In the recent decision of Hammad v. Canada (Citizenship and Immigration), 2018 FC 459, the Federal Court found that it can be procedurally unfair for an Immigration Officer to find a document fraudulent without first giving the Applicant an opportunity to address the Officer’s concerns about the document.
In this case, the documents in question were lease agreements. The Applicant, who was working as a Property Manager, had applied for permanent residence in Canada under the Federal Skilled Worker program. Concerned with the documentation that she initially provided, a government branch called the Risk Assessment Unit (RAU) visited the property that she had managed in Pakistan, questioned company employees, and prepared a report alleging misrepresentation as to her employment. Although the Applicant responded to the concerns raised by this report with additional documents confirming her employment, including signed lease agreements, the Immigration Officer unreasonably refused her application and barred her from Canada for 5 years.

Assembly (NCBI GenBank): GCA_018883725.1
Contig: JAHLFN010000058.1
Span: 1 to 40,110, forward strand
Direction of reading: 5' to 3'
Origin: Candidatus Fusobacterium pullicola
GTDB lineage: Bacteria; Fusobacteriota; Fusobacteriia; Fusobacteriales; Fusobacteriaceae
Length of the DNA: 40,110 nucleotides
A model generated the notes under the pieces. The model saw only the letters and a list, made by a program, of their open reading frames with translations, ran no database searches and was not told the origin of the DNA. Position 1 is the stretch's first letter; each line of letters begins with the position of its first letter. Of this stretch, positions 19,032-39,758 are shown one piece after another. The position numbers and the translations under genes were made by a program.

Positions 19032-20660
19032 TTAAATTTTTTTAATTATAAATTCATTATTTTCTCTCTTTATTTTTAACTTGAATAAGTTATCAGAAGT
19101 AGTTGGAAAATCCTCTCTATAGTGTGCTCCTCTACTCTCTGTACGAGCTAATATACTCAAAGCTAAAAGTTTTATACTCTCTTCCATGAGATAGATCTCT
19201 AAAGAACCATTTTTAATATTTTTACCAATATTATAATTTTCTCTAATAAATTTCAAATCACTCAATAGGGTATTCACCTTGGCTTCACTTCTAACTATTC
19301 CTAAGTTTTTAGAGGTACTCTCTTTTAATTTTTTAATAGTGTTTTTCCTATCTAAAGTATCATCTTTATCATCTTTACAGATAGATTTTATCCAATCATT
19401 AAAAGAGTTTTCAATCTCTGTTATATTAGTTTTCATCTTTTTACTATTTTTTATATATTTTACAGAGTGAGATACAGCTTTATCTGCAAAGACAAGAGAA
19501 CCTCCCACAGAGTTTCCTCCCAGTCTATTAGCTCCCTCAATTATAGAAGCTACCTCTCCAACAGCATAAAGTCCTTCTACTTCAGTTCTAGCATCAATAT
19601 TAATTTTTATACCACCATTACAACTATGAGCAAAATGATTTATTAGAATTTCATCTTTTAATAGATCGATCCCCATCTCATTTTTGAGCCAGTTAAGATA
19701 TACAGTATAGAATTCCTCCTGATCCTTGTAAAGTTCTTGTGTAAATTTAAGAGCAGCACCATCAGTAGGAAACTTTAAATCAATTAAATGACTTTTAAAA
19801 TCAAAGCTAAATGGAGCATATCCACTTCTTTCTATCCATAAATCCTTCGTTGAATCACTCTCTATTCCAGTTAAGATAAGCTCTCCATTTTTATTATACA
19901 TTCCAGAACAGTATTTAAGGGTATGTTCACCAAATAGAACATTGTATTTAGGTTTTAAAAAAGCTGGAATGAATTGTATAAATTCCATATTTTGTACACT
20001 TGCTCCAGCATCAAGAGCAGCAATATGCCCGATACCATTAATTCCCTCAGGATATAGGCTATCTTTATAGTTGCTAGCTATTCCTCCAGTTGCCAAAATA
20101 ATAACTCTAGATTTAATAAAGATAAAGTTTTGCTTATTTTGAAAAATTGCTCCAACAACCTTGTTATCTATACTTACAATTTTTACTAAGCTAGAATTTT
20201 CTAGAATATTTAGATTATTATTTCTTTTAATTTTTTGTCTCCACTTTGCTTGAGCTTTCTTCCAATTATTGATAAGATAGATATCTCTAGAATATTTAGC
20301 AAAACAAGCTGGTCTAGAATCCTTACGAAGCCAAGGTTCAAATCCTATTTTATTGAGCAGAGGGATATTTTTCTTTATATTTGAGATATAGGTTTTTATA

However, the Officer’s decision was successfully quashed by the Federal Court. The Court found it was improper for the Officer to draw adverse inferences regarding the authenticity of the documentation without a reasonable basis or providing the Applicant an opportunity to address the new concerns.